‘Suffering and death’ ahead if US states open too soon, says Fauci
Jacob Greber

Washington | America could suffer even greater “suffering and death” and hamper its economic recovery if some states reopen for business prematurely, said America’s top infectious disease expert, Anthony Fauci.

In a closely watched hearing before a Senate health committee on Tuesday (Wednesday AEST), Dr Fauci and other health officials issued a series of warnings that jarred against the Trump administration’s recent calls for a rapid return to work.

“There is a real risk that you will trigger an outbreak that you may not be able to control,” said Dr Anthony Fauci, speaking from his home to a Senate hearing. Getty

“It would almost turn the clock back rather than going forward,” the head of the National Institute of Allergy and Infectious Diseases told the hearing in testimony that sent the Dow Jones Industrial Average down more than 200 points.

“There is a real risk that you will trigger an outbreak that you may not be able to control, which in fact, paradoxically, will set you back, not only leading to some suffering and death that could be avoided but could even set you back on the road to get economic recovery.”

The remarks, which came under intensive questioning from both sides of the Senate aisle, came as official data compiled by Johns Hopkins University showed more than 80,680 Americans have perished from the COVID-19 virus and a further 1.3 million are infected.

Contradicting a growing social-media conspiracy that the death toll is being artificially inflated to harm Donald Trump, the officials warned that the real number of fatalities and cases is likely to be far higher.

Most US states have already announced some degree of loosening of restrictions or plans to do so in coming weeks, even as their coronavirus case loads keep growing.

With political pressure mounting on governors and mayors to restart America’s shattered economy – more than 20 million people were fired last month – authorities across the country are adopting different yardsticks to judge when it’s best to move.

Speaking from his home where he is quarantined, Dr Fauci said his concern is that “if some areas, cities, states, what have you, jump over those various checkpoints and prematurely open up without having the capability of being able to respond effectively and efficiently, my concern is that we will start to see little spikes that might turn into outbreaks”.

He again put great weight on the discovery and approval of a vaccine, and said he was optimistic a solution would be found.

However, he also said it was a “bridge too far” to expect such treatments to be ready in time for the start of this year’s US school year, in late August or early September.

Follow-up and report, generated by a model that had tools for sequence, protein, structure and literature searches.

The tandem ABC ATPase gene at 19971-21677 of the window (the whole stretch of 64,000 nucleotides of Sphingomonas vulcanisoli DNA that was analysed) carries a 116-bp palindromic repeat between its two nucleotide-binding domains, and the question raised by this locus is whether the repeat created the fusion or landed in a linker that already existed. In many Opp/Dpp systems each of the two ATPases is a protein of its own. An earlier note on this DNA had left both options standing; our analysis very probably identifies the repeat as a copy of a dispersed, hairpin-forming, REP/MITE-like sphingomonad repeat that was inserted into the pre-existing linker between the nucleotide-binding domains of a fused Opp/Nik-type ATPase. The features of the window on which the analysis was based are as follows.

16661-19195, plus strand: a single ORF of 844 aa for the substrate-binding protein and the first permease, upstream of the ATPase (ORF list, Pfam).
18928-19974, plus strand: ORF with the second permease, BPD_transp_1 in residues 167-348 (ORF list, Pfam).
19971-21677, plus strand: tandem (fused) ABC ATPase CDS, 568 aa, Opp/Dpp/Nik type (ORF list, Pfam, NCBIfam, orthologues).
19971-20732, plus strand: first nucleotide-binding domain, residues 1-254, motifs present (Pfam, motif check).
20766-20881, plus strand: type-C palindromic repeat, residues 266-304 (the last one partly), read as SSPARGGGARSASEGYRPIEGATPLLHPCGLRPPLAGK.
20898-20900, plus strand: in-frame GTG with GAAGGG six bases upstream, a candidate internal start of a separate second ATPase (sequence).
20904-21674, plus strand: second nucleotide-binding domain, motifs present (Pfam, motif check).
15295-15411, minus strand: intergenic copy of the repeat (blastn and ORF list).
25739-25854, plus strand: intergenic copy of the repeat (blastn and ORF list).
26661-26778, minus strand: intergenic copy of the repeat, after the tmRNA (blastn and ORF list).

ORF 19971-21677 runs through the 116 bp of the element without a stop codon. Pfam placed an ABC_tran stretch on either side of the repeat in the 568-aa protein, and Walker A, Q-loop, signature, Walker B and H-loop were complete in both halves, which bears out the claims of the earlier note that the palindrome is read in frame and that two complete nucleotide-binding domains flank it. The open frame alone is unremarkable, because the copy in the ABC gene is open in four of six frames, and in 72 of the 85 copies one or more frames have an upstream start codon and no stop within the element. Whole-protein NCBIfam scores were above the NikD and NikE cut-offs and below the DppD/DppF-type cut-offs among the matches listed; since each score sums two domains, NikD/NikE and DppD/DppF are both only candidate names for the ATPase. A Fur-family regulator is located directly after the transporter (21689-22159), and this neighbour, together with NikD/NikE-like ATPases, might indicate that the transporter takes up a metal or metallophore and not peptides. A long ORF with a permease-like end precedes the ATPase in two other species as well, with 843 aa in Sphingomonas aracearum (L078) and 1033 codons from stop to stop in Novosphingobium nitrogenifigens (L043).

Senators at the hearing, many of whom have had low public profiles since the shutdowns were imposed almost two months ago, called for greater testing and Democrats attacked the Trump administration’s claims on Monday that the issue had been solved.

Republican and White House gadfly Mitt Romney took assistant secretary of health, admiral Brett Giroir to task for claiming this week that the US was doing twice the per capita testing of South Korea.

“I understand that politicians are going to frame data in a way that’s most positive politically,” Senator Romney said. “Of course, I don’t expect that from admirals.

“I find our testing record nothing to celebrate whatsoever.”

Another Republican, Richard Burr of North Carolina, challenged the Centers for Disease Control for being slow to set up contract tracing as Congress has requested.

“I’m hopeful we won’t just talk about surveillance… we’ll actually execute it,” Senator Burr said.

The committee’s top Democrat, Senator Patty Murray of Washington state, from where she appeared from her home via video link, also challenged Admiral Giroir.

“This administration has had a record of bringing us broken promises that more supplies and testing are coming and they don’t,” she said.

“We know that testing needs will persist long past June. Long past.”

The committee showdown came as Democrats revealed they want Congress to pass another colossal economic relief package, this time valued at $US3 trillion ($4.6 trillion), almost doubling the sum that has already been provided.

Republicans, who control the Senate, have indicated strong resistance to another big-ticket package of spending.

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Jacob Greber writes about American politics, economics and business from our Washington bureau. He was previously our economics correspondent based in Canberra. Connect with Jacob on Twitter. Email Jacob at jgreber@afr.com

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